By D. H. Lawrence
Yesterday the fields were only grey with scattered snow, And now the longest grass-leaves hardly emerge; Yet her deep footsteps mark the snow, and go On towards the pines at the hills’ white verge. I cannot see her, since the mist’s white scarf Obscures the dark wood and the dull orange sky; But she’s waiting, I know, impatient and cold, half Sobs struggling into her frosty sigh. Why does she come so promptly, when she must know That she’s only the nearer to the inevitable farewell; The hill is steep, on the snow my steps are slow— Why does she come, when she knows what I have to tell?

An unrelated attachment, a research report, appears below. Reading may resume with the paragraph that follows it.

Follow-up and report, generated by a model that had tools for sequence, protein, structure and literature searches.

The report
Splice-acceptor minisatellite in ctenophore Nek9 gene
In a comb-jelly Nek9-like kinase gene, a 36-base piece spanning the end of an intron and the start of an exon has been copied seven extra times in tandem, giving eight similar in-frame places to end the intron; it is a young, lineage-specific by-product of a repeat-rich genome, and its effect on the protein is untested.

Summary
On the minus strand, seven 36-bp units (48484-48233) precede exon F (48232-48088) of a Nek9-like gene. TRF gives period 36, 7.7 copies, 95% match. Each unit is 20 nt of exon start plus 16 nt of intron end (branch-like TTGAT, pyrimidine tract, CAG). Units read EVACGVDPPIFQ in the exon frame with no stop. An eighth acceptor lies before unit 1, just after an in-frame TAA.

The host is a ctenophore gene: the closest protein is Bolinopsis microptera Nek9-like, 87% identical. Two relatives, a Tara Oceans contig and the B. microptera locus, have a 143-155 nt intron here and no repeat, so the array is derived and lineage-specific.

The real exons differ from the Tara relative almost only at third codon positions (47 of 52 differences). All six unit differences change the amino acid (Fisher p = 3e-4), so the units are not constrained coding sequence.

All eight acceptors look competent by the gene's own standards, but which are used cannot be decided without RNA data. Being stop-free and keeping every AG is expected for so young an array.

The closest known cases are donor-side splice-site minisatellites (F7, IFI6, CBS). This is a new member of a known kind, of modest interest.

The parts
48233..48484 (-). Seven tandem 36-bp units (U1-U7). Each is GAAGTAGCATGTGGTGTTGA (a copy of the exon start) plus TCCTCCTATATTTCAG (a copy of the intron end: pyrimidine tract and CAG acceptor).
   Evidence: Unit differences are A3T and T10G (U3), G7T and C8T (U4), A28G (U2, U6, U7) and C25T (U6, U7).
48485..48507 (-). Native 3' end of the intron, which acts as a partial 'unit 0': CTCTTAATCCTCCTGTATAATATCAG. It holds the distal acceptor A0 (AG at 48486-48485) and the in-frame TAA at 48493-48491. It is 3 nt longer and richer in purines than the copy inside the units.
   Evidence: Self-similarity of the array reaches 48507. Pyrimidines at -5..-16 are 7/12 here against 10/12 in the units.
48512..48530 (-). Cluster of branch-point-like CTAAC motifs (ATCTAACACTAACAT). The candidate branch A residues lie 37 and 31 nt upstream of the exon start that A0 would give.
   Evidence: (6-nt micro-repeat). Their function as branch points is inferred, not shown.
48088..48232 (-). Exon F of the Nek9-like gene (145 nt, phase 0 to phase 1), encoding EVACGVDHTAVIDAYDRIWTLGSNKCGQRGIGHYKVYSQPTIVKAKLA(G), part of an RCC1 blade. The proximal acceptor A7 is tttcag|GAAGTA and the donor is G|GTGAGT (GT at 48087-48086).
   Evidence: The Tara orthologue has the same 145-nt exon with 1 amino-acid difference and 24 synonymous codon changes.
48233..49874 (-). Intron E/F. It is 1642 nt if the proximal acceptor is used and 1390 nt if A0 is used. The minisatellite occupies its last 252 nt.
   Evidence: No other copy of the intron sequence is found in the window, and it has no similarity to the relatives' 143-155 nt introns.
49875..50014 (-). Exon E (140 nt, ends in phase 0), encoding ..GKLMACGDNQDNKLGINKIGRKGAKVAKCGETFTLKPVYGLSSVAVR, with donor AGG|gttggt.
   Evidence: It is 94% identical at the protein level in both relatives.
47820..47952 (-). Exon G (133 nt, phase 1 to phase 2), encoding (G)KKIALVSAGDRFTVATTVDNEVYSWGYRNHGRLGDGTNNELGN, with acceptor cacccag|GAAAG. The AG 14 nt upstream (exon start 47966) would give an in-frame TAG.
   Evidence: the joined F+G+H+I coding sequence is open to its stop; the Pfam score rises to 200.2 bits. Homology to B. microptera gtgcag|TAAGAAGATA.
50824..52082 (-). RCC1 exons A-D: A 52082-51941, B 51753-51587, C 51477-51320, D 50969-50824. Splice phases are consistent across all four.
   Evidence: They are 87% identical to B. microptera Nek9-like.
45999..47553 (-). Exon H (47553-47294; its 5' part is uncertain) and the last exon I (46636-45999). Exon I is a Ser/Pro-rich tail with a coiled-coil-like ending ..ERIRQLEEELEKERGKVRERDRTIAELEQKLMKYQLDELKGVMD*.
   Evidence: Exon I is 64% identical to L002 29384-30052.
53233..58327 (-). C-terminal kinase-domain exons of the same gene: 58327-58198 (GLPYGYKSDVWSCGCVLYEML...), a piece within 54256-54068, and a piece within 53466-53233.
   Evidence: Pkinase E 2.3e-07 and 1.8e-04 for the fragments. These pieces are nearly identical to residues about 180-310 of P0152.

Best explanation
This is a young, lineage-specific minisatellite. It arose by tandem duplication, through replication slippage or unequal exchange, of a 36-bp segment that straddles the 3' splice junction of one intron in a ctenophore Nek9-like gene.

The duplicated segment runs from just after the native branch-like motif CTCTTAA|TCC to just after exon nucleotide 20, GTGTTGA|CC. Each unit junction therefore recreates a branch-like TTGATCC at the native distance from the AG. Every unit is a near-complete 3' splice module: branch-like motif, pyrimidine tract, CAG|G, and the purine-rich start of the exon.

This poem was originally published in Lawrence’s work Amores in 1916. It is now in the public domain.